The remake of Helen, a 2019 Malayalam survivor thriller, director Mathukutty Xavier works with screenplay writer Ritesh Shah to shift base to Dehradun and serve it anew for a Hindi audience.
He doesn’t deviate too much from the original as nursing graduate Mili Naudiyal (Janhvi Kapoor) grapples with the English language before going to work in Canada, holds a parttime job behind the counter of Doon’s Kitchen in a local mall, turns up punctually to give injections to neighbours, has a great bedside manner and has a cheerful smile for all, including the security guard. She even befriends a little rat.
At the workplace, the manager of Doon’s Kitchen (Vikram Kochhar) is a bit of a bully. But not quite a villain.
There’s a warm father-daughter equation that’s established as Mili keeps a strict vigil on her dad (Manoj Pahwa) with much friendly banter between them.
In its tone, it takes off resembling Jaya Bhaduri who played a chatty, friendly Mili in the 1975 Hrishikesh Mukherjee film, right down to the peppy father-daughter relationship she shared with Ashok Kumar. But the resemblance ends there.
Before Mili of Dehdradun goes missing one night and is unreachable on her phone, Xavier sets up a sequence of events.
Her father’s miffed with her when he finds out that she’s been keeping boyfriend Sameer Kumar (Sunny Kaushal) a secret from him.
And she’s been frosty with Sameer all day.
So when Mili finds herself locked inside the freezer, nobody knows where she is.
Following the trail of other survivor tales like Trapped, the 2016 Rajkummar Rao film, or Danny Boyle’s 127 Hours which was a true story, Mili has to gather her wits, her grit and her nursing skills to keep hypothermia at bay and stay alive.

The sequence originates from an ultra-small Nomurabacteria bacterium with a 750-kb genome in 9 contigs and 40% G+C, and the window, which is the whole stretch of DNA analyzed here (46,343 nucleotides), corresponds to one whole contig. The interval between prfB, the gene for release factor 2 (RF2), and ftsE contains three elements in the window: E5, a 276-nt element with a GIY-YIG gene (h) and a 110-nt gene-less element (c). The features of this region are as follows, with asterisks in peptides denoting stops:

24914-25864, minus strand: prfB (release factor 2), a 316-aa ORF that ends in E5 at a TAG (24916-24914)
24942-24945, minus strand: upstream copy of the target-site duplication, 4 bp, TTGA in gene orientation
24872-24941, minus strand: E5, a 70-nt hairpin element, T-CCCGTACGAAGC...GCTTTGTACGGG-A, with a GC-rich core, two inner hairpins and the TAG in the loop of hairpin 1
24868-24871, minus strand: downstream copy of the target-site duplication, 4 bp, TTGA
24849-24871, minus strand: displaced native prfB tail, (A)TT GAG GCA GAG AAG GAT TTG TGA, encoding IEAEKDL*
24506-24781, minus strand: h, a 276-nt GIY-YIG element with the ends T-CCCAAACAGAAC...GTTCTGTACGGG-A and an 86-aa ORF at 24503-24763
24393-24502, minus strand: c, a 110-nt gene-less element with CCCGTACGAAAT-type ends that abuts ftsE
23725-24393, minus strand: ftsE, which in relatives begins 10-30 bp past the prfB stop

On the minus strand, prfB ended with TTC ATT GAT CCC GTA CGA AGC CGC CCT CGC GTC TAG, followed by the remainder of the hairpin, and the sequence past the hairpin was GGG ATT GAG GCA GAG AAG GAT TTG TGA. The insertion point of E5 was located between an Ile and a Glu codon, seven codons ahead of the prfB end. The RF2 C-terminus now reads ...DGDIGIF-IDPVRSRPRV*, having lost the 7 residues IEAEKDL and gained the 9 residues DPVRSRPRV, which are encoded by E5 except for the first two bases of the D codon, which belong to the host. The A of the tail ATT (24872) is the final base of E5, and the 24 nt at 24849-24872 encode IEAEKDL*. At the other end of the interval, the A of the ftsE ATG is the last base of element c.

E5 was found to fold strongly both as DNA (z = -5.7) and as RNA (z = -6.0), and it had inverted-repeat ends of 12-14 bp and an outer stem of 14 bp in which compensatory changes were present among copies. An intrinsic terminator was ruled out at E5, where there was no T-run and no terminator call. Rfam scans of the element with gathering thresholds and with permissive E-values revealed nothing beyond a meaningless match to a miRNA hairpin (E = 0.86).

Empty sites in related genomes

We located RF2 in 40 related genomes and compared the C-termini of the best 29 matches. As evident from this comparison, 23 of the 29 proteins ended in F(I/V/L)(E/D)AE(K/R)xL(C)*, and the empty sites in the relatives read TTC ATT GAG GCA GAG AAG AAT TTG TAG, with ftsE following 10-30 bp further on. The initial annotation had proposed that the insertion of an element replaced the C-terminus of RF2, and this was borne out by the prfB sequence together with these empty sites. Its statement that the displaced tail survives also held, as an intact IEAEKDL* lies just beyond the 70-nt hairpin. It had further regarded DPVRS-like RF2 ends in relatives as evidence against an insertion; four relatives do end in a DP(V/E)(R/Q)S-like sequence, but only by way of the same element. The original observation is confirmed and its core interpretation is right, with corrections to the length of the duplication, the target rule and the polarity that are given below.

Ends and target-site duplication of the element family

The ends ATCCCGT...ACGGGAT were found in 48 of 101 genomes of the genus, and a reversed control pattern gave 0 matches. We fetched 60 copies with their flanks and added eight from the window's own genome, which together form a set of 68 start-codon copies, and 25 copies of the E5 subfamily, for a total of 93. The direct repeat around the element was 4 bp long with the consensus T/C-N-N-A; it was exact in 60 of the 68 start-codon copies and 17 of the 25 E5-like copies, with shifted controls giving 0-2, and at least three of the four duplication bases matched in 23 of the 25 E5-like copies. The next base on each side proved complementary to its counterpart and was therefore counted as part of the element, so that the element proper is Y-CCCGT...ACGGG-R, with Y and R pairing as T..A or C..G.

Outside, her father, friends, colleagues, the cops and Sameer don’t even know where to begin looking for her.
A neatly directed film with likeable characters, Xavier falters in places.
One, the Malayalam original had Helen’s father frowning upon her friendship with a Muslim boy.
Mili had no credible reason for keeping her father in the dark about Sameer. A passing reference to a caste difference or trying to insert dialogues about Sameer being jobless and irresponsible don’t land well enough as substantial reasons.
Two, there’s no plausible reason for an unnecessarily aggressive cop (Anurag Arora) to go out of his way to stymie the search for Mili.
Three, there’s no nail-biting thrill or anything that would add up to repeat value.
But Jahnvi Kapoor makes Mili endearing and vulnerable, a performance rendered with integrity. Although this is Mili’s show, Sunny Kaushal is charming as Sameer with Manoj Pahwa, Anurag Arora, Vikram Kochhar and Sanjay Suri (as a senior cop) giving polish to the cast. Jackie Shroff also springs a welcome surprise in a brief guest appearance.
I’d say, watch Mili for its performances.
Watch Mili Trailer: